[2] Spatafora, James. 2008. Saltwater Intrusion of Coastal Aquifers in the U.S. Available: http://kanat.jsc.vsc.edu/student/spatafora/default.htm#homepage  [May 22, 2018].

[3] Encyclopedia.com. 2018. Available: https://www.encyclopedia.com/environment/energy-government-and-defense-magazines/saltwater-intrusion [May 22, 2018].

[4] Southern Regional Water Program. 2018. Louisiana Environmental Restoration. Available: http://srwqis.tamu.edu/louisiana/program-information/louisiana-target-themes/watershed-restoration/ [May 22, 2018].

[5] Fowler, Kristen. “Saltwater Intrusion – EnvS 546 Univ of Idaho”. ” 23 April 2016. Online video clip. YouTube. Accessed on 24 May 2018. <http://www.youtube.com/watch?v=puSkP3uym5k>

[6] PBS Newshour. “Testing the limits of saltwater intrusion”. 17 September 2015. Online video clip. Youtube. Accessed on 24 May 2018. https://www.youtube.com/watch?v=75CoHNQVbY8

[7] LSU AgCenter Video Archive. “Saltwater intrusion threatens rice acres”. 8 Jan 2016. Online video clip. Youtube. Accessed on 24 May 2018. https://www.youtube.com/watch?v=Z4TGPtq4bD0

[8] Stanford Alumni. Rosemary Knight, “Sentinel Geophysics: Imaging Saltwater Intrusion from Monterey to Santa Cruz”. 2 April 2014. Online video clip. Youtube. Accessed on 24 May 2018. https://www.youtube.com/watch?v=k4XcBx7OT3Y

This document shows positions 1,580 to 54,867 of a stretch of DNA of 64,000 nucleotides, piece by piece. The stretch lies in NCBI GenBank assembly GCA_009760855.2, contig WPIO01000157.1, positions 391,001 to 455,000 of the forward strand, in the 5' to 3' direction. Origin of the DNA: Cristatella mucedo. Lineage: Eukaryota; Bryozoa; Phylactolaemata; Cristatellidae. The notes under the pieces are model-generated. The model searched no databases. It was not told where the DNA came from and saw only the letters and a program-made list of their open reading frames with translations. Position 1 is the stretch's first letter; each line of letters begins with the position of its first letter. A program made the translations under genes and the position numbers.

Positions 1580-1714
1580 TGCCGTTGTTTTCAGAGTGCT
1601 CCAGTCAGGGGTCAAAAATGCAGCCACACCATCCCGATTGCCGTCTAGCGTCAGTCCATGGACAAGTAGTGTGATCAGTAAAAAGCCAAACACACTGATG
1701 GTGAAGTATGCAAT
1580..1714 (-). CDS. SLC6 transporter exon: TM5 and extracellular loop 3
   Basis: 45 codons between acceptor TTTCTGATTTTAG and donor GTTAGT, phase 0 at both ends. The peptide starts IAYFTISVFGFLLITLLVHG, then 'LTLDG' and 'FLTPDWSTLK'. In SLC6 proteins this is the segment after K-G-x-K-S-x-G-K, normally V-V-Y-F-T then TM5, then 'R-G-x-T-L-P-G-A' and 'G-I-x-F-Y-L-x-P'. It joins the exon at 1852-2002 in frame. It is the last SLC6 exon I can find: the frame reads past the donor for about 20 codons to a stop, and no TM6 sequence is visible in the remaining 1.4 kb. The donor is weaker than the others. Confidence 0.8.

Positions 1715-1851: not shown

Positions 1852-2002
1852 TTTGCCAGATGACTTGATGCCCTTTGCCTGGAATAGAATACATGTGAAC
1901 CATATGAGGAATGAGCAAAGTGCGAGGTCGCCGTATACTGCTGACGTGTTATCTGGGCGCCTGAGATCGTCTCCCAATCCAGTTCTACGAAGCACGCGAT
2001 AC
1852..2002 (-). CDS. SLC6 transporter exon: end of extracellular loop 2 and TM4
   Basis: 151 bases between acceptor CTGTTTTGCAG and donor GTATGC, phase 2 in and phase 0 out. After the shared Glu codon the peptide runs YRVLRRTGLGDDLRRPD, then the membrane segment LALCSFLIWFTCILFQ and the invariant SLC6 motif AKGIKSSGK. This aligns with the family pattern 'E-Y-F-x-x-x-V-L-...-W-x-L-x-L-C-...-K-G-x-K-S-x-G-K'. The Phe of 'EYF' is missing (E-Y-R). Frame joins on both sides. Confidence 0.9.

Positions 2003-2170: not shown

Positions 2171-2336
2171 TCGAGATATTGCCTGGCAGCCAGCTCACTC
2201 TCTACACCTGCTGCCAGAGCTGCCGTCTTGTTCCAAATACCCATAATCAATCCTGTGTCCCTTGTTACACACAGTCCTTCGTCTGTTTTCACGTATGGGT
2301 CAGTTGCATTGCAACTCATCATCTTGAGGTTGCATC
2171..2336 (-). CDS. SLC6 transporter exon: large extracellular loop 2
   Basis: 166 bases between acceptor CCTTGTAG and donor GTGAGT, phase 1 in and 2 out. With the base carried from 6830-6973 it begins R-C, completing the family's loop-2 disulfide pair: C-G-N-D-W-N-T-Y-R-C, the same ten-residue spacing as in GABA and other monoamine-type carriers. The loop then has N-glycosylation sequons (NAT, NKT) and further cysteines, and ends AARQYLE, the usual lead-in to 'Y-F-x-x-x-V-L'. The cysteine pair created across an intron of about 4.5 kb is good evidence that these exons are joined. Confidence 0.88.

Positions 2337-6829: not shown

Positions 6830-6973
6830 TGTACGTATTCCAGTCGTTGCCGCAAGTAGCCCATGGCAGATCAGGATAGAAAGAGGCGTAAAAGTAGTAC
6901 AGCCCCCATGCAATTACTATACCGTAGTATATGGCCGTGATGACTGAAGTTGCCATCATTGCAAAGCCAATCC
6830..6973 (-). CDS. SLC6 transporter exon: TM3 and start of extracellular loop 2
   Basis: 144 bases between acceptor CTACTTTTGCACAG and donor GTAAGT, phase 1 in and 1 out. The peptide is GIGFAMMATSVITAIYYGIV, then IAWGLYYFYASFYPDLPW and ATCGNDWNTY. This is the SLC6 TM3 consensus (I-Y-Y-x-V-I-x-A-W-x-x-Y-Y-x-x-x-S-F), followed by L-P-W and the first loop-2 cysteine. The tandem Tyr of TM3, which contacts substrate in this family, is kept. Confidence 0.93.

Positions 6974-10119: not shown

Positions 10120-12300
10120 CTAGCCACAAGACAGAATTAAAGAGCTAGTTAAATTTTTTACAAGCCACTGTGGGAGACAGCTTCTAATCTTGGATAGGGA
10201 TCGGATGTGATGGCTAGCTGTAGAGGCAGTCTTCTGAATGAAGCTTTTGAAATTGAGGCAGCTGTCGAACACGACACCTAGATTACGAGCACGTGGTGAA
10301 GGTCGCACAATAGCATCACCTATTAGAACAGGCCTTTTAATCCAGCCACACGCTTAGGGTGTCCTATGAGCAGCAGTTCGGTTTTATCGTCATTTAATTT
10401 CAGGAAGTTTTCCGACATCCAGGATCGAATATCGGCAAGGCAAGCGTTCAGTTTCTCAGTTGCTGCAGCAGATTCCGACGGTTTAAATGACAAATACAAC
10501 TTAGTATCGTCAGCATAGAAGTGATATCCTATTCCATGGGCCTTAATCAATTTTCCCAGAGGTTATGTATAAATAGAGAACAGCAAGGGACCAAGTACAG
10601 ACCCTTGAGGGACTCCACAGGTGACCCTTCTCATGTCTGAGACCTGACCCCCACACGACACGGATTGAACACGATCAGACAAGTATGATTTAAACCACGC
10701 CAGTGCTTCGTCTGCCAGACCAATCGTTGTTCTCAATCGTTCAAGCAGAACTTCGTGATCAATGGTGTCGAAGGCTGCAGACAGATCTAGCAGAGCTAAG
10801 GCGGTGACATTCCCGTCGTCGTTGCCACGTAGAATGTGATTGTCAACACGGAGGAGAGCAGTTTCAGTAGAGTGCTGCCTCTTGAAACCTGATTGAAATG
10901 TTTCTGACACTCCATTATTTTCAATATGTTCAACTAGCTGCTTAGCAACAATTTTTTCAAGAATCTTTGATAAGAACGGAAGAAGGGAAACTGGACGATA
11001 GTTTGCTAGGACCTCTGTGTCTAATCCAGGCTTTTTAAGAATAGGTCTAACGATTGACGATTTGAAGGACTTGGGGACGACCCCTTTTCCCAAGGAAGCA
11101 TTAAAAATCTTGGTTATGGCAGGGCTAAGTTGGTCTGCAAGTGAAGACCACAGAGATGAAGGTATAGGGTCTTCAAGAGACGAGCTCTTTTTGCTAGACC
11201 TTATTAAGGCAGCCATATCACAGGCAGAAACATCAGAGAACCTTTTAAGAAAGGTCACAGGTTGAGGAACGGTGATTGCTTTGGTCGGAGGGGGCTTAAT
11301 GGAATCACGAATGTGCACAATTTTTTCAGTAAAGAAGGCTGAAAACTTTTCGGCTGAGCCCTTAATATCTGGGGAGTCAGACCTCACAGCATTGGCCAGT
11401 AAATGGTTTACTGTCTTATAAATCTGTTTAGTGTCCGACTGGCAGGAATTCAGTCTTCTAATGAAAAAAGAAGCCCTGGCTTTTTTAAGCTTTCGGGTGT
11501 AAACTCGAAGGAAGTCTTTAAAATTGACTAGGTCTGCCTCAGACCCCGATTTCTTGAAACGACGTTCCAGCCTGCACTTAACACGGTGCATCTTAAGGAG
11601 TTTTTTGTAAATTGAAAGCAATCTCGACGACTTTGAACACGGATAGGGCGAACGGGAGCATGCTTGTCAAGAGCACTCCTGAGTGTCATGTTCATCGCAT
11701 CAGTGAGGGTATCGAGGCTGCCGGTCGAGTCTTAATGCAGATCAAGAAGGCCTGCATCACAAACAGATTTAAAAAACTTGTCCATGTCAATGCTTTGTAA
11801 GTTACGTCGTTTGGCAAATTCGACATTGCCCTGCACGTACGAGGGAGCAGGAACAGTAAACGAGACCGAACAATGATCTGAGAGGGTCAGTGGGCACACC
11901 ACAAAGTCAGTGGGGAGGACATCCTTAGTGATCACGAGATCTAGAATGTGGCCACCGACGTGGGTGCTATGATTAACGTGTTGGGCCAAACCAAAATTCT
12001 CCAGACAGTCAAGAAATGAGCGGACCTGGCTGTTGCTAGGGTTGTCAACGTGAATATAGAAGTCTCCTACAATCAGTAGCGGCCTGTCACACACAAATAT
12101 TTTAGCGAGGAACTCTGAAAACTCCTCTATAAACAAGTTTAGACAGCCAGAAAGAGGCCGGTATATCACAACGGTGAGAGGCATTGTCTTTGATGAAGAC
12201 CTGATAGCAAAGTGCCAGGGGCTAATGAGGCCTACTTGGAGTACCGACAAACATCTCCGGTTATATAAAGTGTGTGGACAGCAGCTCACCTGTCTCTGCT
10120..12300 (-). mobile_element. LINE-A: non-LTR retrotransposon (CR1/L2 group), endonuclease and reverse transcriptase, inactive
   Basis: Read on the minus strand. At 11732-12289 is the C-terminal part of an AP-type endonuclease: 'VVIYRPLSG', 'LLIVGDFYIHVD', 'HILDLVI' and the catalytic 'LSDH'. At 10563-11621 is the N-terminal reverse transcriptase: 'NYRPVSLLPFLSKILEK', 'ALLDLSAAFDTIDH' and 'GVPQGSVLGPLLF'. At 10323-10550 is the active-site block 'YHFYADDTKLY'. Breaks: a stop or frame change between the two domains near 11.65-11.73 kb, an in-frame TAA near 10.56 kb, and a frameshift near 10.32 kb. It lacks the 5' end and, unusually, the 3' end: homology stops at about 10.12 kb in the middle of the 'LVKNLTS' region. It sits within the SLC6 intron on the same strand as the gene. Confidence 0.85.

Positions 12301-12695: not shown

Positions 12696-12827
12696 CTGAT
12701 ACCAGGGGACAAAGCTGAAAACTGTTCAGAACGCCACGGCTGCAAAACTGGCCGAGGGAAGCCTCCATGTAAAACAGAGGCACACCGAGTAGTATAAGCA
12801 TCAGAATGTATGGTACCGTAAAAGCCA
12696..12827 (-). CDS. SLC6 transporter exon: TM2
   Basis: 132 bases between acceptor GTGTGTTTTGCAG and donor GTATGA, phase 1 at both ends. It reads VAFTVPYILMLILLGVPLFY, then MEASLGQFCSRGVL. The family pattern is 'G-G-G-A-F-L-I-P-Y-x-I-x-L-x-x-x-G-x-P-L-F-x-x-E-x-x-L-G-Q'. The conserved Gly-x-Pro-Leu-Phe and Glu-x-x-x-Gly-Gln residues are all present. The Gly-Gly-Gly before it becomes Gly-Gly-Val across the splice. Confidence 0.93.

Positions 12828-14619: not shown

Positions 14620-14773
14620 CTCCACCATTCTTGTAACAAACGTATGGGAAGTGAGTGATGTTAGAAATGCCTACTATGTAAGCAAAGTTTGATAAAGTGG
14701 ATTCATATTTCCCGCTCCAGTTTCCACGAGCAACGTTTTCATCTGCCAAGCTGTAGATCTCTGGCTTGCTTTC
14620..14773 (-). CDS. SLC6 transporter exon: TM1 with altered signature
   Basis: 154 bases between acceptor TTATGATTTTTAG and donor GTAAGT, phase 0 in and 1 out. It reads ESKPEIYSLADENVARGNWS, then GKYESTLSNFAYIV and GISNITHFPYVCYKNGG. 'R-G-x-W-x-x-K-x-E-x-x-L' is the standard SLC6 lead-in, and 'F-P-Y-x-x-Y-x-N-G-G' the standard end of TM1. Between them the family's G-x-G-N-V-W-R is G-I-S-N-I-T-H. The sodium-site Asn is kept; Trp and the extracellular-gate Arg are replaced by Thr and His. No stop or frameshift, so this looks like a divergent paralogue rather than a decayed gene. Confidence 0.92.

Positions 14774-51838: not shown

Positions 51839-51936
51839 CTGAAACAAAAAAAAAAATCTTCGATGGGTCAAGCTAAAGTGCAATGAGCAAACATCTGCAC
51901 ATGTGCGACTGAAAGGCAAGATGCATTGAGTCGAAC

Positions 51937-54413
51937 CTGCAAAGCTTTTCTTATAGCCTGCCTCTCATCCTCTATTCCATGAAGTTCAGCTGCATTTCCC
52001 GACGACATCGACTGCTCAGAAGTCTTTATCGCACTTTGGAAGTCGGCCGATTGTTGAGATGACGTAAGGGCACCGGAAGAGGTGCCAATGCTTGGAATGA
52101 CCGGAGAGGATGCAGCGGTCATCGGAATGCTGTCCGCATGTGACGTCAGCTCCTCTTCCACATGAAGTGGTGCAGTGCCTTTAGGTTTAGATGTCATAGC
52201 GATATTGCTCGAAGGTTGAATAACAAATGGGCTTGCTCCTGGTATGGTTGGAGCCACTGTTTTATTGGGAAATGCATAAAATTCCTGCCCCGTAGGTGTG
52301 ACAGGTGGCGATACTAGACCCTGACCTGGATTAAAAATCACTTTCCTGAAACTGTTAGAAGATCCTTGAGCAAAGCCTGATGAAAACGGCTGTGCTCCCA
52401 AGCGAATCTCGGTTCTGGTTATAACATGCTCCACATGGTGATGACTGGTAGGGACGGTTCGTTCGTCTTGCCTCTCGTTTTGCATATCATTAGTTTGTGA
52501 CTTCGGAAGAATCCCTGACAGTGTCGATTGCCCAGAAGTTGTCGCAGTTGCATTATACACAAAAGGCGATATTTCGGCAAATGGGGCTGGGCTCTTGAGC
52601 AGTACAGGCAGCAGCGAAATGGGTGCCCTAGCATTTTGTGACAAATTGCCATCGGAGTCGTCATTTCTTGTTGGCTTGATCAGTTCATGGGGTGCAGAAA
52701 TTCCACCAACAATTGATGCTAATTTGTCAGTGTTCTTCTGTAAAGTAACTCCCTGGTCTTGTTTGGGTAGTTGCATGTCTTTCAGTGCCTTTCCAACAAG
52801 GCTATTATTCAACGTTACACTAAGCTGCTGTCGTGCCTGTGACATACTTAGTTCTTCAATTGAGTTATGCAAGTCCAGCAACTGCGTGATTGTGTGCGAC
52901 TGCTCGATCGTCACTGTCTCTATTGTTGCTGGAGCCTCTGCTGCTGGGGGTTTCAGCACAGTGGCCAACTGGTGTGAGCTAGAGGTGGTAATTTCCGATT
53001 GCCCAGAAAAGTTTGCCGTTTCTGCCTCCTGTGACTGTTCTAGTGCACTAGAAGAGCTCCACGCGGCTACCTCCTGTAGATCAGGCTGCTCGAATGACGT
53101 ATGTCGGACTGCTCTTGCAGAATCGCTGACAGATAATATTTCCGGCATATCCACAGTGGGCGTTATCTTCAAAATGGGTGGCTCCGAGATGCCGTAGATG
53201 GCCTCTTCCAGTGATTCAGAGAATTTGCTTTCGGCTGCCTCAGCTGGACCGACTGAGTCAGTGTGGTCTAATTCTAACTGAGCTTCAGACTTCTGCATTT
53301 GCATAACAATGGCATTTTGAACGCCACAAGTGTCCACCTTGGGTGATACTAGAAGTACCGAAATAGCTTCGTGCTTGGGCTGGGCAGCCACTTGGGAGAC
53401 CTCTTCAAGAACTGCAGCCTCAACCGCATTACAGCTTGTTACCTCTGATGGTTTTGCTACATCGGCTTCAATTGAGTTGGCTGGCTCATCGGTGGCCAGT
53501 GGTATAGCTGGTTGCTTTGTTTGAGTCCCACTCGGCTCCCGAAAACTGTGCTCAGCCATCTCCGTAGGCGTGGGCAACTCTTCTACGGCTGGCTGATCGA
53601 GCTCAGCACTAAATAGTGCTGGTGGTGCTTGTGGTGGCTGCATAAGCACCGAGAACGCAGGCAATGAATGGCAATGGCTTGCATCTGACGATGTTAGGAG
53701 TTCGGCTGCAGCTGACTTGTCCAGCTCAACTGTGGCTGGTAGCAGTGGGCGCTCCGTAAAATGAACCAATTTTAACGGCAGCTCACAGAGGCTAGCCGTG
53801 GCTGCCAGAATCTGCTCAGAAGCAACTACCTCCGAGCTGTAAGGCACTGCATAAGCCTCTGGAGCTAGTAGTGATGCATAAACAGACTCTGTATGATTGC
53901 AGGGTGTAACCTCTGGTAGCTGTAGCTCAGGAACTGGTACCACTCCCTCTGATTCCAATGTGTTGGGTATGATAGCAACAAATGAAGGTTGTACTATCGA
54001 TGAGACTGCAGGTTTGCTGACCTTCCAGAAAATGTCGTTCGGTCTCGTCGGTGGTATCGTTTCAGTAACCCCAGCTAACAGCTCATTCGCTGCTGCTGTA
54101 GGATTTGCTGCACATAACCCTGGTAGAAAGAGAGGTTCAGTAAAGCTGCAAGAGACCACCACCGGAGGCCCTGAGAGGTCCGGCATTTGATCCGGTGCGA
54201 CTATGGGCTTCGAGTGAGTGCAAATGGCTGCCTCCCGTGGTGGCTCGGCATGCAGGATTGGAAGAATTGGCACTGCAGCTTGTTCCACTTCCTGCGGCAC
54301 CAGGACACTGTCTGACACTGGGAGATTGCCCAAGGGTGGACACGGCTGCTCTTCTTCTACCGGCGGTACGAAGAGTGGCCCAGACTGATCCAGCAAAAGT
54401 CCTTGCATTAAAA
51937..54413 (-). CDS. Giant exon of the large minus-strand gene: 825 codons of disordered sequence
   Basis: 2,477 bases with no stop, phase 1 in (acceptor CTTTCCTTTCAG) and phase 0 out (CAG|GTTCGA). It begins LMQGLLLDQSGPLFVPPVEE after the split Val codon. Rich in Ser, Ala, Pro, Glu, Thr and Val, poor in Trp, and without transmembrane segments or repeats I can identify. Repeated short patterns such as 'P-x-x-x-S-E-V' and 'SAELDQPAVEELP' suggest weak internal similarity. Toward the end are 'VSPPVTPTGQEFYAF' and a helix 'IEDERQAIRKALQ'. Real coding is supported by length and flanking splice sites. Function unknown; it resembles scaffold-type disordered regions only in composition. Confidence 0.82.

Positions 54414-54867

Advertisements

Salinity Stress and Tolerance

Living in any habitat comes with hurdles that make it harder for plants and animals to thrive. We call these hurdles “stress”. Coastal wetlands demonstrate several kinds of stresses to both plants and animals. Through many years of evolution, plants and animals have adapted to living with these stresses, also called being “stress tolerant”. Adaptations can be in physical structure changes or on the smaller scale (cellular). Some stresses that come with living in coastal wetlands include salinity (the amount of salt or ions in the water), inundation (flooding at least above the ground, sometimes even higher than the whole plant), and hypoxia (low dissolved oxygen in the water). [1]

Salt water intrusion has been increased by dredging navigation channels among other impacts. Saltwater intrusion makes fresh bodies of water more saline than they usually are. The problem with this is that the plants that live in such places are adapted to live in fresh water and generally cannot deal with increases in salinity more than 1 or 2 parts per thousand (ppt). For reference, the Gulf of Mexico’s average salinity is approximately 36ppt. Some plants, though, can live in full-strength sea water. For example, the black mangrove (Avicennia germinans) has several adaptations that let it keep its cells safe from high salinity. Like smooth cordgrass (Spartina alterniflora), black mangroves excrete salt onto their leaves to get it out of their systems.[2] Some fish have similar adaptations in their gills that allow them to keep their internal salt concentrations at safe levels.